Besides hosting the largest startup event in the US, Colorado’s startup scene is very welcoming, especially for tech industry ventures. Professional, scientific, and technical services and construction industries generated the most new businesses at a total of 29% of new businesses in the city.
Tulsa is situated on the Arkansas River at the foothills of the Ozark Mountains in northeast Oklahoma, a region of the state known as Green Country. Once heavily dependent on the oil industry, Tulsa’s subsequent diversification efforts created an economic base in a number of other industries including aerospace, technology and finance.
A diverse small-business ecosystem is finding root in Oklahoma’s second-largest city. Tulsa’s low-cost operating environment and affordable housing market mean that start-ups are in an ideal position to attract and keep workers and offer them competitive wages.
There’s a robust pipeline of talent coming out of Oklahoma State University–Tulsa, the University of Tulsa and Oral Roberts University. State-sponsored small-business incubators, such as i2E, are providing Tulsa small-business owners with the capital, networking capabilities and advise they need to grow their companies.
Oil and gas and aerospace are the major small-business hubs, but there is also growth in advanced manufacturing, distribution and logistics, software and IT.
The city of Lubbock is enticing for entrepreneurs looking for financing, as Texas’s 11th-largest city scored No. 2 in most accessible financing. The city is home to numerous colleges, including the Texas Tech University, whose Innovation Hub is a hub for entrepreneurs that host events with the local community to promote fledgling companies.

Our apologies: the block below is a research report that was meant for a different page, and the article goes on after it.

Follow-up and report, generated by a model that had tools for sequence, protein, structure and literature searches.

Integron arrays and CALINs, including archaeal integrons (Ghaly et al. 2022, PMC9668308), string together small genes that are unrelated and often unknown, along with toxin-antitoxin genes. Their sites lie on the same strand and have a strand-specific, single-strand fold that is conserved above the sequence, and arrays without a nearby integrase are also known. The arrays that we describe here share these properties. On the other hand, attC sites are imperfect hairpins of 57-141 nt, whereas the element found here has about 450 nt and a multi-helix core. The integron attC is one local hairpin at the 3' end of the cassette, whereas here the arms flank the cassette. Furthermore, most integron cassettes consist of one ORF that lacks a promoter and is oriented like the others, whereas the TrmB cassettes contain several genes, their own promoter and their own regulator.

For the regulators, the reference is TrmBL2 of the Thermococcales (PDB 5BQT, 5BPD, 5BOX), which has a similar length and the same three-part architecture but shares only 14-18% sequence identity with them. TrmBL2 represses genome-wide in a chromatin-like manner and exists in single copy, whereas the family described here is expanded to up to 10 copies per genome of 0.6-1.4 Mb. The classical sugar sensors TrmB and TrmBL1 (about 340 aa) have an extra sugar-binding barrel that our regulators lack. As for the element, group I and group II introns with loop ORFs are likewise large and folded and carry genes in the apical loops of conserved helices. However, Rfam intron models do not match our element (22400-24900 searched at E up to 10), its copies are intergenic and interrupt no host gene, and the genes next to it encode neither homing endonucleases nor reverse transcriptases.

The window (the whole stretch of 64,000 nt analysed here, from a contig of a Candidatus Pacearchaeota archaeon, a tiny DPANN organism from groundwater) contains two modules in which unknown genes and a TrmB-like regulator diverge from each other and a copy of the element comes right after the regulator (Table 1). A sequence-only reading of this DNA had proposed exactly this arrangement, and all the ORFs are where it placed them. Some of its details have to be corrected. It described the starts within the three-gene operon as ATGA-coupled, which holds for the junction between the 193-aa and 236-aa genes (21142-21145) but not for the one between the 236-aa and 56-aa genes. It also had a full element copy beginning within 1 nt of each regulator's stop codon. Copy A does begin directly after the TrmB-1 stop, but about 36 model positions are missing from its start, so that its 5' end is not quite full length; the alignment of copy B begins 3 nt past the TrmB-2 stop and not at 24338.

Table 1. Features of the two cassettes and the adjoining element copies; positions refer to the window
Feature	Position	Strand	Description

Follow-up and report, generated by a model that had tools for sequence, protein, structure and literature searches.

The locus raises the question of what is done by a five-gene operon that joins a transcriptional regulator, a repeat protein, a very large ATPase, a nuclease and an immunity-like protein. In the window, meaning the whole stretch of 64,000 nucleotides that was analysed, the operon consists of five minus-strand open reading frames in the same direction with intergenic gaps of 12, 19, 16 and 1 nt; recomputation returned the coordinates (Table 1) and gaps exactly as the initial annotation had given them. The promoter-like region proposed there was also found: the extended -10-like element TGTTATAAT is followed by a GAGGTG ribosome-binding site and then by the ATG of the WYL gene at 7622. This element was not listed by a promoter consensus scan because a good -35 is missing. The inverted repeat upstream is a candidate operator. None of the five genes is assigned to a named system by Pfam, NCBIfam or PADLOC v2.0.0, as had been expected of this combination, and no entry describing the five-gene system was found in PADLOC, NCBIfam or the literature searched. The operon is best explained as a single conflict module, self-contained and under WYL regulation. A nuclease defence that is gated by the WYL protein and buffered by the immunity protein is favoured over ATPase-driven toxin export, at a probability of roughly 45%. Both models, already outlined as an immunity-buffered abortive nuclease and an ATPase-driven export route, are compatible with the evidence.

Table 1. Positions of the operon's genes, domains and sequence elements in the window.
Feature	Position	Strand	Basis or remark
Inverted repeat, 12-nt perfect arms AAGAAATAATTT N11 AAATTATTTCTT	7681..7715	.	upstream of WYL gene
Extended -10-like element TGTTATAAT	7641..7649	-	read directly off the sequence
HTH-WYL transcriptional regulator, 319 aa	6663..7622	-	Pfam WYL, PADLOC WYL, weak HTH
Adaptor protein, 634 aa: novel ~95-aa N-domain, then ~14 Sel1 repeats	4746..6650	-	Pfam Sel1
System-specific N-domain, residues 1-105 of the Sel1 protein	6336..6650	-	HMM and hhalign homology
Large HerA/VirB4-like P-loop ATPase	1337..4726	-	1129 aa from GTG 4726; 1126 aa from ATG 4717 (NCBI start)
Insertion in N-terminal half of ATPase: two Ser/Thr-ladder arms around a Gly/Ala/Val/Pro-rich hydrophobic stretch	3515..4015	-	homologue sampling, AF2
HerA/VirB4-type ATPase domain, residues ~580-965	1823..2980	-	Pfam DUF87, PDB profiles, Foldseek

Aside from being the home of Texas Tech University, Lubbock is famous for the musical acts that hail from the city, fine dining, museums, a rich art and culture scene but also for its friendly, hospitable atmosphere.
Aurora’s pro-business attitude, ample land, cost-effective lease rates, extensive infrastructure, and educated workforce makes this city an ideal place to start a new business. Here aerospace industries and bioscience firms rub shoulders with business services suppliers and retail trade companies.
These local businesses serve regional, national, and international markets by virtue of Aurora’s location in the center of the United States. Already Colorado’s third most populated city, Aurora’s reasonable cost of doing business and low tax rates are attracting more enterprises to set up shop on its 144 square miles of opportunity.
Portland, the largest city in Oregon and seat of Multnomah County, is located in the northwest part of the state on the Willamette River. Portland has a diverse economy with a broad base of manufacturing, distribution, wholesale and retail trade, regional government, and business services.
Major manufacturing industries include machinery, electronics, metals, transportation equipment, and lumber and wood products. Technology is a thriving part of Portland’s economy, with over 1,700 high-tech companies located in the metropolitan area. Tourism is also important to Portland’s economy, drawing more than 7 million visitors annually.
The city with the largest area in the nation, Jacksonville, has a very encouraging business climate. With a population of around 820,000 people, it stands on 12th number among the most populous cities in the nation providing a huge customer base for every business that is flourishing there.
Jacksonville has had a steadily growing tech sector since 2012 and workers in the field are paid 15 to 20 percent below the national average, according to a study by Forrester Research. Tourism is one of the industries which contributes a lot to the economy because of the scenic beaches, numerous tourist attractions and not to forget the ethnic and lively culture of the city.
Financial services, biomedical and healthcare services, consumer goods and manufacturing industry keep balancing the area’s economy perfectly besides tourism.